Of the 75 million garment workers worldwide, it’s estimated that less than 2 percent make a living wage, according to 2017 data compiled by one advocacy group. When we buy fast fashion from the comfort of our couches, we support a system in which low-wage workers (most of them people of color) make the clothes at one end of the world, and other low-wage workers (many of them also people of color) process the returns, unseen in the concrete suburbs of American cities.

Now, one could argue that garment work may actually raise people out of poverty and give them choices they didn’t have. But America’s stock market incentivises ever-rising growth. If consumers won’t accept higher prices to increase a brand’s profit, manufacturers will cut corners in other ways, such as with low wages or unsafe working conditions.

Think about the economics of a $26.99 SweatyRocks shirt. How can that price cover the cost of materials, labor, global shipping and delivery to your doorstep — not to mention the cost of it potentially being returned to a warehouse, where a person has to evaluate whether you wore the shirt while walking your dog? If the shirt gets scanned to the unsellable bin, it may then end up in a landfill where the polyester will take as much as two centuries to biodegrade. Indeed, 66 percent of discarded clothes end up in landfills each year, and another 19 percent are incinerated, according to a 2018 Environmental Protection Agency report. Brands point to sustainability efforts, but fast fashion is simply incompatible with sustainability. We operate under an economic belief that growth is unlimited. Our natural resources are not.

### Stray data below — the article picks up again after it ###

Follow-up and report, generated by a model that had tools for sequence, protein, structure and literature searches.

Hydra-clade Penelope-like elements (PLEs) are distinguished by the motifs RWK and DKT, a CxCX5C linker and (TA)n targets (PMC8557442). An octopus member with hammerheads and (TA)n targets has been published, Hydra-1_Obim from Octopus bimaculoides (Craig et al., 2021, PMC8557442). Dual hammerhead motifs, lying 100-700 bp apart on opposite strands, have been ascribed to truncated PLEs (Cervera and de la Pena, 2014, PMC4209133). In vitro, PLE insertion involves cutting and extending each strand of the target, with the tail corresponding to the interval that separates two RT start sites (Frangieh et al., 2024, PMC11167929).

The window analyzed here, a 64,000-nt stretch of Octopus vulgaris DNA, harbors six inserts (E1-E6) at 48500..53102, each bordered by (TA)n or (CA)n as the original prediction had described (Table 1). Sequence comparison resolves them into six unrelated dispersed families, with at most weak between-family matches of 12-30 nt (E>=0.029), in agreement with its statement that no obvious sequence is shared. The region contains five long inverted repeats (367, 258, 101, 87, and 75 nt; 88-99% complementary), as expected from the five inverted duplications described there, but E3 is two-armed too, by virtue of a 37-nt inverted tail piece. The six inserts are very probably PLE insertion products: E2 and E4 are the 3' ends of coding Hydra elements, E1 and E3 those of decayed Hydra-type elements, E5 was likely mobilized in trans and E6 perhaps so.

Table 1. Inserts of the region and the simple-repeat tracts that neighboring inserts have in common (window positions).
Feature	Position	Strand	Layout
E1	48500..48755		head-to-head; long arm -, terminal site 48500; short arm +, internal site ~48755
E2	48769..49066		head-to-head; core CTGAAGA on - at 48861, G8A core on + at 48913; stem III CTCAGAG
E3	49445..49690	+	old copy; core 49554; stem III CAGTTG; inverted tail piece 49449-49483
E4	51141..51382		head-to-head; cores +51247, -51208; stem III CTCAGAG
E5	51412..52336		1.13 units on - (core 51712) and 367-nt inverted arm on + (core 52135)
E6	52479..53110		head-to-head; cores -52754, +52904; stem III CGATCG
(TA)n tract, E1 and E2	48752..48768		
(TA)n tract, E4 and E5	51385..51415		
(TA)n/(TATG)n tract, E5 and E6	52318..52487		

As the day winds down at the warehouse, a manager will ask, “Want to know your rate?” — the average number of units processed per hour. I fluctuate between 23 and 26. That is another correlation between the job I used to do and the one I’m doing now: data. In a gleaming office tower boardroom, I used to attend intense weekly business reviews. I processed paper then, not clothes. Each corporate manager needed to know an exorbitant depth of data, and the vice president of my division seemed to take perverse pleasure in watching his underlings squirm. On any given day, there’s someone like me in a boardroom, prepping to answer why return processing is up or down. Instead of reporting data, I’m now embedded in that data.

One of the young moms I started with recently went back to school to earn her high school diploma. The other appreciates that this job is during her son’s school hours. I’m still trying to answer my initial question. What I’ve learned in the meantime is that, whether I’m in the office tower or the warehouse, I’m part of a pattern sewn together with overseas garment workers, cargo ship crews, delivery drivers, corporate managers trying to explain data points, and warehouse workers. We support a system of throwaway clothes that didn’t deserve their trip around the world or the number of hands that touched them.

Rachel Greenley, a former tech executive, is a seasonal warehouse worker and an M.F.A. student working on a memoir about cultural divides